So, if marriage is a good choice for you, go for it. But keep this good gift in perspective. As David Gibson wisely observes, “In the created world, you can only truly enjoy what you do not worship.” Therefore, don’t ruin what God means for your good.
Remember Your Primary Calling
(1 Corinthians 7:32–35)
Again we get a sense of Paul’s pastoral concern. With a judgement of charity, he assumes that his single readers are keen to serve and worship and love the Lord. Not doubting their commitment to wholehearted devotion, he assures them that his preference for their singleness is to reduce any sense of anxiety over a potentially divided devotion—a heart that is full of care over a spouse.
Paul, of course, is not criticising what amounts to a biblical responsibility. In fact, elsewhere he instructs husbands and wives to be devoted to their spouse (Ephesians 5). Yet his point in this passage is that, if a person is single, they should not assume this is a second-class kind of life. On the contrary, they are in the enviable position of having “undivided attention to the Lord” (v. 35). “Therefore,” Paul counsels, “be thoughtful before you hastily or wrongheadedly give up this privilege.” To serve the Lord without the distractions arising from “dealing with this world” is a wonderful gift. After all, it is what every Christian is going to do for all of eternity. It is therefore in this sense that the life of the person who is single most exemplifies the eschatological reality of marriage to the Lord Jesus Christ. Therefore be careful and be thoughtful before hastily giving up your singleness. Count the cost.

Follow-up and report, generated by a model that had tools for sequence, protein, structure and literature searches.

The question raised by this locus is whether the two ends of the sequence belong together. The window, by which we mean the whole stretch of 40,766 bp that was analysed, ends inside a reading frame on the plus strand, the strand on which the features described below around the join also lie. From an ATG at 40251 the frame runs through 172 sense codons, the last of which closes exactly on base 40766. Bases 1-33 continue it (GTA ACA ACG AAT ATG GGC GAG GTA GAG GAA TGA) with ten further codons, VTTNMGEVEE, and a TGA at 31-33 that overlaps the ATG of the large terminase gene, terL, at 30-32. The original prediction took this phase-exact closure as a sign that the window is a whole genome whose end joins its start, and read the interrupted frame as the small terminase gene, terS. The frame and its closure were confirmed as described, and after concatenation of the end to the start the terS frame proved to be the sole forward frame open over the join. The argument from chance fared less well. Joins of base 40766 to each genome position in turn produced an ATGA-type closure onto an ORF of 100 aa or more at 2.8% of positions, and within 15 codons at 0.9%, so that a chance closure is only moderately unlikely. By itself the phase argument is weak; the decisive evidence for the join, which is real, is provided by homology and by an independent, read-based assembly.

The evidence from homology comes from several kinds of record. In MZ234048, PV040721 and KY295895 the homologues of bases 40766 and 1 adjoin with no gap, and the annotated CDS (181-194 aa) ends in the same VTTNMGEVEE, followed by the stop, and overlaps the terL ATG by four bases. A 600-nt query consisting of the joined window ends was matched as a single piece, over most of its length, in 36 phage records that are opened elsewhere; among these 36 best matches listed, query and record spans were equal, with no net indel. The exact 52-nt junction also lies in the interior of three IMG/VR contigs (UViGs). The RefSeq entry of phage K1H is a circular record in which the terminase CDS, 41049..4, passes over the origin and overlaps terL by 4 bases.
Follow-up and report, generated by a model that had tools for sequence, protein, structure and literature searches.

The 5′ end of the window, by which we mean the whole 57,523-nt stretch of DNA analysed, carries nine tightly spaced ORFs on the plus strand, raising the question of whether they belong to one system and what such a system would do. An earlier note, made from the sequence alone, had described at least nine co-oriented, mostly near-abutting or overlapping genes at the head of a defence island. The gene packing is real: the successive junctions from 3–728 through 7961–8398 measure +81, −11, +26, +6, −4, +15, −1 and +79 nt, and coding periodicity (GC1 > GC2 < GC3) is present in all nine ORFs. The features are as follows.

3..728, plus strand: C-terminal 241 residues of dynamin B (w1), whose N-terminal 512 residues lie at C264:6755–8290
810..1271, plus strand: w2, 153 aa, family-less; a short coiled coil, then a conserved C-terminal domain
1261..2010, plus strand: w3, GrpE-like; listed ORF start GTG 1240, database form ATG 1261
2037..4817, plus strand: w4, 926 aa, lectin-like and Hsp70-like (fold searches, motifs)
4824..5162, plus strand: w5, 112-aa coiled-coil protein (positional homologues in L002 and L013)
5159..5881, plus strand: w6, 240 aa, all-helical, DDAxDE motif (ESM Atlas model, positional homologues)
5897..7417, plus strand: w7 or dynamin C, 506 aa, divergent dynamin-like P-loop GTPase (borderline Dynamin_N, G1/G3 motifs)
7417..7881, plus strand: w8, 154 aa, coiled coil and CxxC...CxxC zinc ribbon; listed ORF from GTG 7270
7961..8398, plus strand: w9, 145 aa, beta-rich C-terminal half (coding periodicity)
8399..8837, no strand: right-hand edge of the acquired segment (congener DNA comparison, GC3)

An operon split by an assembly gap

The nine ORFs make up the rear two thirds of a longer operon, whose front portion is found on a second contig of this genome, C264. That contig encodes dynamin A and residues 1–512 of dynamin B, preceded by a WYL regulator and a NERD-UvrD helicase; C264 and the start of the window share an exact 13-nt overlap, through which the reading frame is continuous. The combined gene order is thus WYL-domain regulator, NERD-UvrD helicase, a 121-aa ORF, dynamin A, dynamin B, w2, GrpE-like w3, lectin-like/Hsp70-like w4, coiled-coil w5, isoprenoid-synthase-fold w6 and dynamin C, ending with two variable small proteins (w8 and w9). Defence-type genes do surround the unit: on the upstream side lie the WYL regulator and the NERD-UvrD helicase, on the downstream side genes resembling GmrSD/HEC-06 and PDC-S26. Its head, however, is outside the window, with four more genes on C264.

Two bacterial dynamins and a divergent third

Seek Your Parent’s Consent
(1 Corinthians 7:36–38)
First, the phrasing lends itself to the authority of a father who would have the right to say yes or no to a betrothal.
Second, the words “passions are strong” are better translated “if she is past the prime of her life” (“if she pass the flower of her age” [KJV]) and the phrase has nothing to do with a fiancé exercising sexual self-control, which, by the way, Paul has already addressed (v. 9).
Third, the same can be said of the words “having his desire under control,” which can be better understood as “hath power over his own will” (KJV).